As the war ended Australian interest in areas to the north and east, and cultures other than European, intensified and the influx of overseas students, the bulk of them from various parts of Asia and many of them assisted under the Colombo Plan, served to bring these areas even closer. Although no overseas student organisation was affiliated until 1956, the SRC was closely engaged with their welfare, as was much of the student body more generally.
One very concrete expression of this engagement was the establishment of International House in 1956 as a residential college of the University where Australian and overseas students (roughly half and half) could live and work together.
Many staff, most notably in Medicine, Agriculture and Engineering, and individuals in other departments were involved with overseas aid programs and the Arts faculty made concerted efforts to broaden the range of subjects offered and meet ‘The Challenge of Asia’ (as a 1960 report called it) within its limited means. It is a measure of wider community indifference to these endeavours that almost all of them were supported by private endowments and their existence was often precarious. In 1945 Maurice Goldman was appointed to the Lazarus and Abraham Sicree chair of Semitic Studies, succeeded by J Bowman.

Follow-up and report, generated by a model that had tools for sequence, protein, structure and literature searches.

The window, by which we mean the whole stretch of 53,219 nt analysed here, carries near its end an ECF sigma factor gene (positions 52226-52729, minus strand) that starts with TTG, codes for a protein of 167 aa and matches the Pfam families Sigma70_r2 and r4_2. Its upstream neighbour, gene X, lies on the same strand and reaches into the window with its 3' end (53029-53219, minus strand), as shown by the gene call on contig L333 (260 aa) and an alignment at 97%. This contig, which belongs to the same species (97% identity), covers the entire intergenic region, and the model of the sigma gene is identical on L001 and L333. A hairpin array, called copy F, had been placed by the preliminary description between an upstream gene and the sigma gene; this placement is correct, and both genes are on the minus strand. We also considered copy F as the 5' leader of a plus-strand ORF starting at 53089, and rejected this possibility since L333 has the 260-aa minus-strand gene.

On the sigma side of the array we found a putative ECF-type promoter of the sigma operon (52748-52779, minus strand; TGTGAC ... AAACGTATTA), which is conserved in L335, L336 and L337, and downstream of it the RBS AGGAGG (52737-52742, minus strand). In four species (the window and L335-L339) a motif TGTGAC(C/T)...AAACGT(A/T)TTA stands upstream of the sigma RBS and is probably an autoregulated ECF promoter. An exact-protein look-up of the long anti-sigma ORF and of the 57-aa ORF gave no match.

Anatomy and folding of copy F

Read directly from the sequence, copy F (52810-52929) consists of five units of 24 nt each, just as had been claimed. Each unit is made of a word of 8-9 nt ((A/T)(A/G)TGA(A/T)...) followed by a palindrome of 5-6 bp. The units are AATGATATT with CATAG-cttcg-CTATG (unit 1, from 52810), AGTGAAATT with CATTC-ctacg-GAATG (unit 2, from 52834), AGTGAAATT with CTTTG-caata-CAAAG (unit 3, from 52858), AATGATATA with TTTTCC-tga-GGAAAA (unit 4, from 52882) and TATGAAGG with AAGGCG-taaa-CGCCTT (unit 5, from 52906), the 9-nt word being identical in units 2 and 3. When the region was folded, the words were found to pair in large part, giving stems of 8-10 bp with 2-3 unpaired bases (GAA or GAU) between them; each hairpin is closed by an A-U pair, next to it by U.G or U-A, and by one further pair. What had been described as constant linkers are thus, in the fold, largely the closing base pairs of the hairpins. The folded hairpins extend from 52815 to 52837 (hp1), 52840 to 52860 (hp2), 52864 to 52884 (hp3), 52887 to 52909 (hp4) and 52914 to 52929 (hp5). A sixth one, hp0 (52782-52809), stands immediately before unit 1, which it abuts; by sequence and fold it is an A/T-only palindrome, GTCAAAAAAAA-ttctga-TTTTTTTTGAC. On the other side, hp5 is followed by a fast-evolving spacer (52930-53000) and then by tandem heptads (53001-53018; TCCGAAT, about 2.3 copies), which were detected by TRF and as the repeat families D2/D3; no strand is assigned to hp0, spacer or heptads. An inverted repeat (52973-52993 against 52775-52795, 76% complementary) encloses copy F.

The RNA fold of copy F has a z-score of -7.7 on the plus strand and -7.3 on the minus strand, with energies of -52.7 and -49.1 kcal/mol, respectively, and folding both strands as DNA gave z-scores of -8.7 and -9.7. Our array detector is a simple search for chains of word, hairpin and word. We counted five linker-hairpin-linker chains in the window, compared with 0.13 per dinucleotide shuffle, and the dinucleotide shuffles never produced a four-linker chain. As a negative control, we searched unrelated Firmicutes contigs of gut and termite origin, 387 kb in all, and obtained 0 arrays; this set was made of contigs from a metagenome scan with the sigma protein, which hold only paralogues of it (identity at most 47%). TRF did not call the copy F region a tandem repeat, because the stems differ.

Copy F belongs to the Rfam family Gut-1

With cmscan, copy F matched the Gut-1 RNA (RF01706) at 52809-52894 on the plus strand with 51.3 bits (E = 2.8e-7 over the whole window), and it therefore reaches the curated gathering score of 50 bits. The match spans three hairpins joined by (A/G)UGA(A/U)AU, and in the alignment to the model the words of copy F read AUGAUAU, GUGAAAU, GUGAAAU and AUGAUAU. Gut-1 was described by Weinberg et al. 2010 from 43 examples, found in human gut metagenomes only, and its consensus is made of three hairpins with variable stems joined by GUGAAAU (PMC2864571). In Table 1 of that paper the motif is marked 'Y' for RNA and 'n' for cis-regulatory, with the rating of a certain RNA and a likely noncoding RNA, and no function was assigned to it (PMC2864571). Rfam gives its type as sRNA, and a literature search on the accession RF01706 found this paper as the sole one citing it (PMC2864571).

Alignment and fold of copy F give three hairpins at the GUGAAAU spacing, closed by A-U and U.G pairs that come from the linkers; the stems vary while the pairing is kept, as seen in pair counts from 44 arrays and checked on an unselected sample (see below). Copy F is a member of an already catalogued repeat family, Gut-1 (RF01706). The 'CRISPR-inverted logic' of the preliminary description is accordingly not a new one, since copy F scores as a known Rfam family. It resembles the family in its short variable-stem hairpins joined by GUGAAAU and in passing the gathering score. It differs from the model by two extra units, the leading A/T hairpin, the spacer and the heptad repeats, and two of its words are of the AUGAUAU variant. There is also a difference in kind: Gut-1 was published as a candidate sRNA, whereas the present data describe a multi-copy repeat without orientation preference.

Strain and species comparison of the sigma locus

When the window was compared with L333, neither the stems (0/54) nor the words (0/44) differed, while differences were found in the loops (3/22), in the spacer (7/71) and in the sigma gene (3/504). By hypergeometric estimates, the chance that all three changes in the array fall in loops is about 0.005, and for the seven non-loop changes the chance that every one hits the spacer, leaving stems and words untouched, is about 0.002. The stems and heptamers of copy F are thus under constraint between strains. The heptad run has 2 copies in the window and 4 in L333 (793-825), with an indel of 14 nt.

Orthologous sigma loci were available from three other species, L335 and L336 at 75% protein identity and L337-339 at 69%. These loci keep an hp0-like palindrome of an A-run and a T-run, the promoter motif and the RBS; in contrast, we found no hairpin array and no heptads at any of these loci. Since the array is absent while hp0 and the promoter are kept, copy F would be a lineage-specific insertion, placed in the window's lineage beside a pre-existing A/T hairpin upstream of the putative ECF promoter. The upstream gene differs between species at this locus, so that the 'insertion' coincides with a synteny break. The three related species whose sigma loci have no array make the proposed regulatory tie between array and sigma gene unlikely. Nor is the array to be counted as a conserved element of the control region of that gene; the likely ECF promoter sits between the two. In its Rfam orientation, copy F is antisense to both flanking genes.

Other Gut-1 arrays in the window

Philosophy’s Professor A. Boyce Gibson's interest in Indian culture led to a Department of Indian Studies - made possible by an offer of support in 1959 by the Indian Council for Cultural Relations in New Delhi, and the Spalding Trust in Oxford - headed by S. Ray from 1963.
In 1956 History sponsored a small department of Indonesian and Malaysian Studies headed by J.A.C. (Jamie) Mackie from 1958.
By 1960 a lecturer in Islamic studies was included in a renamed department of Middle Eastern Studies and a substantial gift from the Myer Foundation brought Harry F. Simon as foundation professor of Oriental Studies in 1961.
The departments concerned with South East Asian and East Asian languages, politics and culture were later merged.